Question about Dryers
VENT WAS ALMOST HALF BLOCKED WHERE LINT GOES THROUGH BLOWER OUT TO BACK OF DRYER
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Posted on Jan 02, 2017
Cleaning the lint trap often isn't enough to maintain proper dryer ventilation. No lint screen is perfect and some lint always gets past the intial screen. As you have discovered, rodents love lint as nesting material. It is common to find mice nests in places such as the blower fan assembly and along the dryer vent hose. I would recommend you inspect the vent about once per season. That is, four times per year. Most manufacturers recommend twice, per year, but I have found it better to check a little more frequently. The following link provides you with some good advice on proper dryer maintenance:
Pay particular attention to the section that discusses dryer ventilation. Something as simple as a clogged vent can cause serious problems with the heating circuits. Not to mention, it can create potential fire hazards. I would recommend you try running the dryer for one load with the vent hose removed. If the load takes less time to dry, I would inspect your dryer ventilation thoroughly from the point it exits the dryer, to the point where it exits your home. If you are not using the semi-rigid metal type ducting, or if the vent line has not been replaced in a while, I would recommend you do so. The ducting is sold in 10 foot segments, is fairly inexpensive and easy to install. The air at the back of the dryer should be forceful and warm (about 140 degrees F). If the air flow is weak, and not very warm, you still may have problem internal to the dryer. Here's another link you can view that discusses proper ventilation installation:
The rule of thumb when it comes to dryer ventilation is the SHORTER and STRAIGHTER the ventilation, the better. Every bend, sag, or rise creates resistance for the blower motor and can create potential choke points for lint to clog. Vent lines that run through an attic or crawl space are generally the worst for clogs. Also, make sure the exhaust outside is at least 12 inches off the ground to prevent rodents from entering.
To answer your question, if the dryer seems to be performing well and drying as it should, you probably have no problems at this point. I would recommend, however, that you inspect the dyer interior to make sure you don't have lint build up inside. Since you said you had cleared a clog recently, I suspect you may have some lint build up in the cabinet. This can cause a potential fire hazard. I would also recommend you lubricate the dryer drum supports (rollers) at the point where the roller meets the axle with a light weight machine oil. DO NOT get oil on the rubber rollers. These rollers can also cause noise if not lubricated periodically. I hope you find this information helpful. Let me know if you require additional assistance.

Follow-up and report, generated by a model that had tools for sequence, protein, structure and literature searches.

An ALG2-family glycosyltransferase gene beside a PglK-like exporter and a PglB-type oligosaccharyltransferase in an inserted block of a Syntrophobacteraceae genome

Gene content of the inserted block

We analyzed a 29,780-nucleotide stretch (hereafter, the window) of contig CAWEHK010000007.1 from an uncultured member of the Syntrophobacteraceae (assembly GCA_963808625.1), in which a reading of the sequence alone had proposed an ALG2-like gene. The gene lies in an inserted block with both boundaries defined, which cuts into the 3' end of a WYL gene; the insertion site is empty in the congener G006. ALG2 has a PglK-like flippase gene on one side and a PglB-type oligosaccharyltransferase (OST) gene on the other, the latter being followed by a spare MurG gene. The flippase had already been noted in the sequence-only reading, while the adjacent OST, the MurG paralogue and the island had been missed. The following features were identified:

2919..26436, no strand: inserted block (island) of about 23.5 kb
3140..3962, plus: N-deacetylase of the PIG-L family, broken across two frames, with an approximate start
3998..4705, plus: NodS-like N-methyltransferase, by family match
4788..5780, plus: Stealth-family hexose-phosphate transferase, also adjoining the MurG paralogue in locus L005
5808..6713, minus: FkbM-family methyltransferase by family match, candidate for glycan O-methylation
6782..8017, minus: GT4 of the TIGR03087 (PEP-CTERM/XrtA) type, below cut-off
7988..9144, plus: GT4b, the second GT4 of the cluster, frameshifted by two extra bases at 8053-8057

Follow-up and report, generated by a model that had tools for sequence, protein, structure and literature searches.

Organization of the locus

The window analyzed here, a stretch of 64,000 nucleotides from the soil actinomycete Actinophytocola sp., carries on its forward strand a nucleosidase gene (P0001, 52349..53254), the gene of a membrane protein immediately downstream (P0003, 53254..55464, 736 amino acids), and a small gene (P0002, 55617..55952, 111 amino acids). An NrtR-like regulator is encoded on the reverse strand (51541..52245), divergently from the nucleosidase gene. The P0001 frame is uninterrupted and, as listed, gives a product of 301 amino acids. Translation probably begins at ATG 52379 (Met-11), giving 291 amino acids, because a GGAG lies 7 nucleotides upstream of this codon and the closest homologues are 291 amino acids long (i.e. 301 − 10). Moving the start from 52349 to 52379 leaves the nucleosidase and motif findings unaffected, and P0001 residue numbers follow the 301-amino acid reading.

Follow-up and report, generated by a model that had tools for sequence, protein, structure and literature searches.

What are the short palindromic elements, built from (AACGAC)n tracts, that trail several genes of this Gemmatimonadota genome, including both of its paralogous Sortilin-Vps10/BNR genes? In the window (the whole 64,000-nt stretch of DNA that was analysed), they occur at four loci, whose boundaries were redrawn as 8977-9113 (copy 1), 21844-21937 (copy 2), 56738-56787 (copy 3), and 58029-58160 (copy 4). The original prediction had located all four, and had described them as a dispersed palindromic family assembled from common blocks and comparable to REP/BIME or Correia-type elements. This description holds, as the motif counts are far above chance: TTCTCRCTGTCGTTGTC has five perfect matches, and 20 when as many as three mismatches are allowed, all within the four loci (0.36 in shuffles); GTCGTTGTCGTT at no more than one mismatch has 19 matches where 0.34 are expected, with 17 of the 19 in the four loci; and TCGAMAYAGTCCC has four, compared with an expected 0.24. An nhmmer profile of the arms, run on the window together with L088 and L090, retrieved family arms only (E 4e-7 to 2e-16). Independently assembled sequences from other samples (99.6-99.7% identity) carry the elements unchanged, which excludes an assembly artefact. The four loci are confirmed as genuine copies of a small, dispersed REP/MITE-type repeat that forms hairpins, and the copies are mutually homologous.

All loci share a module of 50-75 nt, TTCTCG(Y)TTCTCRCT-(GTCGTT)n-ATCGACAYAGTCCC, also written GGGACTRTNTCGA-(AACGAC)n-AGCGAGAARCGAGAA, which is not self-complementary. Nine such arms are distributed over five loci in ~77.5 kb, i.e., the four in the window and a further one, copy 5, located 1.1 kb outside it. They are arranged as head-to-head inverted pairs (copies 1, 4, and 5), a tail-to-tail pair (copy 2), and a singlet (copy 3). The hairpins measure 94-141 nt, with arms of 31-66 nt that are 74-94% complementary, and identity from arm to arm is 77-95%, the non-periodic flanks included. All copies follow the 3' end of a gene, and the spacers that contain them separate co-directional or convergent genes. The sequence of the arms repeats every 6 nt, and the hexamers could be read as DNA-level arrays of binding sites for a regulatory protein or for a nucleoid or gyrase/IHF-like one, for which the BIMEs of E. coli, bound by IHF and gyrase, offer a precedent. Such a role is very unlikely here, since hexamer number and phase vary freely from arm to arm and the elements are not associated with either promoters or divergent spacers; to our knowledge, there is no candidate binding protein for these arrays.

NOTE: Make sure you UNPLUG the dryer before servicing the interior cabinet. There are still live voltages present even with the dryer turned off.
Posted on Nov 03, 2008
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SOURCE: Can't remove dryer blower wheel
I would start by taking off the top and checking the belt to see if part of it tore and is hitting the inside of the cabinet. I have not found a real good way to get the blowers out without having to break them sometimes. the part of the blower that you have to hold is access through the front behind the motor. problem is when you turn the motor shaft, the wrench strips out on the blower, then you have to break them, but unless you need a new motor, it should not have to come off.
Posted on Jan 27, 2009
rule number one take everything off of it and never store clothes or anything that can insulate the top it overheats them. It kind of fools all your sensors when you store stuff on top
Posted on Feb 27, 2009
you did not say how old? but I find that all it takes is one wire to get old, and starts to heat up because electric cant flow through it, then it gets worse and worse fast, then heats up the whole block, till the whole thing gets melted...bad thing is its happens slow enough that the standard 30 amp breaker won't trip during this slow melt down!
Posted on Mar 13, 2009
i got the same problem and no repair man could help . i think i just got mine fixed 6-15-09 .what you do is go behind the dryer , remove the air duct and then remove the pipe that is inside the machine by removing one screw . this will give you access inside the machine .first clean as much as you can of the lint inside by vacuuming it . if you look to the left you will see 2 wires with a black button in the middle this is the ignitor ,clean it good because i think the dirt is not allowing it to light up . i did that and mine is working but the cooling light is still on .
Posted on Jun 16, 2009
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